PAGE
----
This major double standard is most apparent when it comes to nudity, sexual expression and behavior. While men are praised and revered for their promiscuity and for being sexually active with many partners, women are denigrated and shamed for the same sort of behavior.

This double standard, social phenomenon is referred to as slut shaming.

Slut shaming also pertains to a women’s choice of attire. It is assumed that the less clothing a woman is wearing, the more of a dirty slut she must be. (By this logic, naturist women must be the ultimate sluts.)

This ties into that old patriarchal concept of “modesty.” In regards to the state of dress and behavior, modesty is very much a patriarchal gendered term. Modesty was never really about fashion. It was about finding a way to control women as well as their sexuality.

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“Same Arguments; Different Decade” Meme about Women, Modesty & Slut Shaming

Given the issues of slut-shaming and sexist double standards, it’s not surprising that the push for topfree equality has been met with such resistance. Women’s breasts have been sexualized and fetishized as titillating objects that were created to excite the straight male gaze. When women go topfree in public (for no other reason than because it feels good to them) or they want to breastfeed their child, they are publicly shamed or treated like criminals or depraved sluts.

In fact, topfreedom is just one of the newest frontiers for women reclaiming their bodies.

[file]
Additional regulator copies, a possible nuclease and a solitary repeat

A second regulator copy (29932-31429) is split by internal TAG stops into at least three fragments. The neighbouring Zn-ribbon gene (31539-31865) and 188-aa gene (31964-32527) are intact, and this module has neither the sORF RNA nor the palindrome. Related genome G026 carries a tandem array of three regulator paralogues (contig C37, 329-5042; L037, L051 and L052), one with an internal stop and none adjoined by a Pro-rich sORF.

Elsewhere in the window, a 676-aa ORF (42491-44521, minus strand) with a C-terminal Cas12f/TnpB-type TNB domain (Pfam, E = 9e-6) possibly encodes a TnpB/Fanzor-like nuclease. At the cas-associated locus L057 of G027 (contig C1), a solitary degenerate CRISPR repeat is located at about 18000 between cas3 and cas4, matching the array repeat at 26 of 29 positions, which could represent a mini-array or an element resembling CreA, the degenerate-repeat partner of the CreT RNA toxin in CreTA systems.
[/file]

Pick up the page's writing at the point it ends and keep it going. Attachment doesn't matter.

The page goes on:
Take swimwear, for example:
• In Victorian times, women couldn’t even be seen in their full-body swim costumes at the beach and would enter the water via private “bathing machines.
• In 1907, Australian professional swimmer Annette Kellerman was famously arrested for wearing a one-piece suit that showed her arms and legs. She was charged with indecent exposure.
• In America, during the 1920’s, there were male swimsuit police at public beaches. These “modesty” enforcers who would check women’s hems to make sure they weren’t too short and exposed too much of their skin above the knee.

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Swimsuit policeman measures women’s hems at Tidal Basin Beach in Washington, 1922. Image: Library of Congress

• Though it was quite controversial at the time, men did win the right to go topfree in public during the 1930’s. Now, over 80 years later, women are still trying to obtain the same topfree rights as men (and they are being confronted with the same controversy and arguments that men faced almost a century ago).

There is a long history of women battling against modesty issues and their legal and / or social repercussions. Topfree equality (and the Free the Nipple campaign) is simply one of the latest challenges to long-held patriarchal control over women, their bodies and sexuality.

4. Rape Culture and Victim Blaming

Rape culture is a culture in which sexual violence, rape, abuse and harassment are prevalent and, to varying degrees, considered normal and / or acceptable behavior.

Victim blaming is when victims of rape / sexual violence / harassment are blamed for what happened to them.

In our society, the overwhelming majority of sexual assault victims are women and vast majority of the perpetrators are men. Instead of holding the actual rapist / perpetrator responsible for their actions, many people in our society will tend to blame the victim (usually female) for what happened to them.